Bodies, Deviant/Default, Gender, Obedience, Street Harassment

What A Sexy Piece Of Colorful Laundry On That Wall There

Here in the west we hear a lot about how pornography and nudity objectify.  Not that we can ever really know the effects as apparently there isn’t anyone to compare ourselves to.

And in general experts aren’t exactly sure how much pornography objectifies women.  But we all know my thoughts on porn.

With the current wave of conservatism, and religious fanaticism (multiple religions) a more pressing and modern question is ‘Does modesty objectify?’

In an article I’ve mentioned before we see exactly how extreme modesty objectifies women’s bodies.

Women who live in Taliban-controlled provinces of Afghanistan are expected to cover themselves head to toe with mesh across their eyes. There, a woman’s ankle is thought incredibly sexual, as are her arms and face and eyes and hair. Every part of her body becomes sexualized through extreme modesty.

I read recently a New York Times article about a similar experience

Last month, an innocent, modestly dressed 8-year-old girl, Naama Margolese, living in Beit Shemesh, described being spat on and vilified by [Jewish] religious extremists — all men — who believed that she did not dress modestly enough while walking past them to the religious school she attends.

The article takes a stance that fills my heart with joy and pride by not vilifying religion but by examining how extremism can pervert a wholesome message.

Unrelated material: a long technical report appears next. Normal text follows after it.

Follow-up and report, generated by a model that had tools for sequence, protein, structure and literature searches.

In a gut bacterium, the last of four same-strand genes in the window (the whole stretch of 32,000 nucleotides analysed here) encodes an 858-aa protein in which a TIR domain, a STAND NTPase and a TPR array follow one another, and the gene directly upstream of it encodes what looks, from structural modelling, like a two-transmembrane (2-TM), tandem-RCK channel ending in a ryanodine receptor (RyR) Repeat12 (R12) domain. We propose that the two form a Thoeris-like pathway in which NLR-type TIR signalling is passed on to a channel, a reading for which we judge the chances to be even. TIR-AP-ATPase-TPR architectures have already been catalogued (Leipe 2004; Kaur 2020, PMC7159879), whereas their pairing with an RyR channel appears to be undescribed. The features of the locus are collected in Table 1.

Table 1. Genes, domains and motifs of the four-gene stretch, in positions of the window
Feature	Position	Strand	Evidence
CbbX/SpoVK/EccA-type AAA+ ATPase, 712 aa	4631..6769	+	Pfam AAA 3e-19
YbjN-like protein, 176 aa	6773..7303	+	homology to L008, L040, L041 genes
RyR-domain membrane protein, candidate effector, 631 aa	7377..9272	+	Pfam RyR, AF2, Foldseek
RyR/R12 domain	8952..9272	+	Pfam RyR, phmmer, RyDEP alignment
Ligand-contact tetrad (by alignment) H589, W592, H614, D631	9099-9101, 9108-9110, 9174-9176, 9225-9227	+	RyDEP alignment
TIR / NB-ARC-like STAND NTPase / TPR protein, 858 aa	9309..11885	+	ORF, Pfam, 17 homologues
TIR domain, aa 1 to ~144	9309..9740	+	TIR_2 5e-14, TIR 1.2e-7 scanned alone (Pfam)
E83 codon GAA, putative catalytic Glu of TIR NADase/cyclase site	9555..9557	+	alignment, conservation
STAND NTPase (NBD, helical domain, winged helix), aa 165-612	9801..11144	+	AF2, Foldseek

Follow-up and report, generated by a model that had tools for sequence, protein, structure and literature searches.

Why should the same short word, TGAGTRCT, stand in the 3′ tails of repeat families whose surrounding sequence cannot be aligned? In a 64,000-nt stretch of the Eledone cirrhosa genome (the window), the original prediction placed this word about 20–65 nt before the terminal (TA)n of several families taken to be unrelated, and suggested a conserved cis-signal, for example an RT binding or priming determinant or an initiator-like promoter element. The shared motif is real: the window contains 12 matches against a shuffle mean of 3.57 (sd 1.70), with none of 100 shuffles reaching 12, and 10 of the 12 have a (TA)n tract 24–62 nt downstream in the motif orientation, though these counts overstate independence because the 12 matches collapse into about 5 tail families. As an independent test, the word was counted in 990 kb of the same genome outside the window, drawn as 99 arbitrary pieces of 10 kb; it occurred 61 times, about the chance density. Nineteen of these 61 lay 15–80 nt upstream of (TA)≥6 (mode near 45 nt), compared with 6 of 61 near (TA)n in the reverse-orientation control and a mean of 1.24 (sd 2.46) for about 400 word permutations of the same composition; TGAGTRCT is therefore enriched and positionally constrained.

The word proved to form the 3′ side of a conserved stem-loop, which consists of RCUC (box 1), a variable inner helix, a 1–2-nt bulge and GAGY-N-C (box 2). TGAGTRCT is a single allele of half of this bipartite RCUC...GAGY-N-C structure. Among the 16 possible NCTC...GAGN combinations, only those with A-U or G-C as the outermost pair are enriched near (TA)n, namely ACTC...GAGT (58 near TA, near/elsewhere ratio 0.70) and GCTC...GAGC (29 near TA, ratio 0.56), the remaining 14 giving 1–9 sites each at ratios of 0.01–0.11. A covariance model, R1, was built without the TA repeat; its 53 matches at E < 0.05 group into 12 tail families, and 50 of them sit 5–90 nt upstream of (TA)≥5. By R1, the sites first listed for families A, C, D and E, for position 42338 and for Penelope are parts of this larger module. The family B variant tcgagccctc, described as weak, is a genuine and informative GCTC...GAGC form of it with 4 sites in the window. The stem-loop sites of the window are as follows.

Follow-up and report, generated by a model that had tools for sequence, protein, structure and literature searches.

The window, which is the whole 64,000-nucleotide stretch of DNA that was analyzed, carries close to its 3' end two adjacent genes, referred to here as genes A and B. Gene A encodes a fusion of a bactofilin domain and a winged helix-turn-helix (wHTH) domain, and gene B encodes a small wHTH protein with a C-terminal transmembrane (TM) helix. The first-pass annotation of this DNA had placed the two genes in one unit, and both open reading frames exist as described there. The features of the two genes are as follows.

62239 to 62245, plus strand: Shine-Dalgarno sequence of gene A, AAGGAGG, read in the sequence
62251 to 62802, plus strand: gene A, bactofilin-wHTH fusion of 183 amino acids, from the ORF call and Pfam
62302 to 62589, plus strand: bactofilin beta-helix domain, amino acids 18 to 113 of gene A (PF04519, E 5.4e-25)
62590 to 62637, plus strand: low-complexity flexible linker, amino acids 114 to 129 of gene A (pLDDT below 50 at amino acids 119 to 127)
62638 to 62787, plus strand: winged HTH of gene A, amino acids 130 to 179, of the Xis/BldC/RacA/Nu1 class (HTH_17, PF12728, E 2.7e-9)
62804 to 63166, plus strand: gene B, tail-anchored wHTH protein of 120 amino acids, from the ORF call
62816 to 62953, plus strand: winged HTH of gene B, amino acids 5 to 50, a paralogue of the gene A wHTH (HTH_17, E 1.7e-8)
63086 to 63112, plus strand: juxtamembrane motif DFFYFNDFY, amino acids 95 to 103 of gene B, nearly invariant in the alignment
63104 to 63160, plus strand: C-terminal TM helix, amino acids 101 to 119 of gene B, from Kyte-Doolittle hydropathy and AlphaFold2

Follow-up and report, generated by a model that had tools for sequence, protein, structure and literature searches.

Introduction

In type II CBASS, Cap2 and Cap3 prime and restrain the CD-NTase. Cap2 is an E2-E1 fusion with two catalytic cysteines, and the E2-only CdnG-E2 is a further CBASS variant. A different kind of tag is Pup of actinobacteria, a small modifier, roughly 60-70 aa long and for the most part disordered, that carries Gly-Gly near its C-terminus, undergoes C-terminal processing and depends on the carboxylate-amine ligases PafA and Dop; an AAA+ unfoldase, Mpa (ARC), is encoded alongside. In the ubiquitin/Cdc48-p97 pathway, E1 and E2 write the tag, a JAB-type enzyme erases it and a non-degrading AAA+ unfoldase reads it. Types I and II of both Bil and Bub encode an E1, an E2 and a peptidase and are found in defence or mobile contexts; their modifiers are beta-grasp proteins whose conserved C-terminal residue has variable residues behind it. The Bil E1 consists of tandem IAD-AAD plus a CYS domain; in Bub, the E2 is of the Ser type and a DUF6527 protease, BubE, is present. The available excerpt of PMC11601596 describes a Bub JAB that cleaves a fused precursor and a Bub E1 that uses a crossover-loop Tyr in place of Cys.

But the Talmud, the basis for Jewish law, offers a perhaps surprising answer: It places the responsibility for controlling men’s licentious thoughts about women squarely on the men.

The Talmud tells the religious man, in effect: If you have a problem, you deal with it. It is the male gaze — the way men look at women — that needs to be desexualized, not women in public. The power to make sure men don’t see women as objects of sexual gratification lies within men’s — and only men’s — control.

Jewish tradition teaches men and women alike that they should be modest in their dress. But modesty is not defined by, or even primarily about, how much of one’s body is covered. It is about comportment and behavior. It is about recognizing that one need not be the center of attention. It is about embodying the prophet Micah’s call for modesty: learning “to walk humbly with your God.”

I am frequently guilty of throwing out the religious baby with the religious extremists bath water and it’s refreshing to be reminded (if you do subscribe to a religion) that it’s not your religion that makes you crazy but your crazy that makes you crazy.

P.S. A great reminder that our political leaders need not always be protestant white men.  Just a note.

P.P.S. Also a good reminder for any of your friends who might believe that sexism doesn’t exist and feminism isn’t necessary anymore.  The fact that men can still force this sort of unnecessary and un-religiously mandated obedience on women with hardly any push back at all should put them right again.  And if they disagree with such evidence I think it’s a good reason to Lysistrata them.

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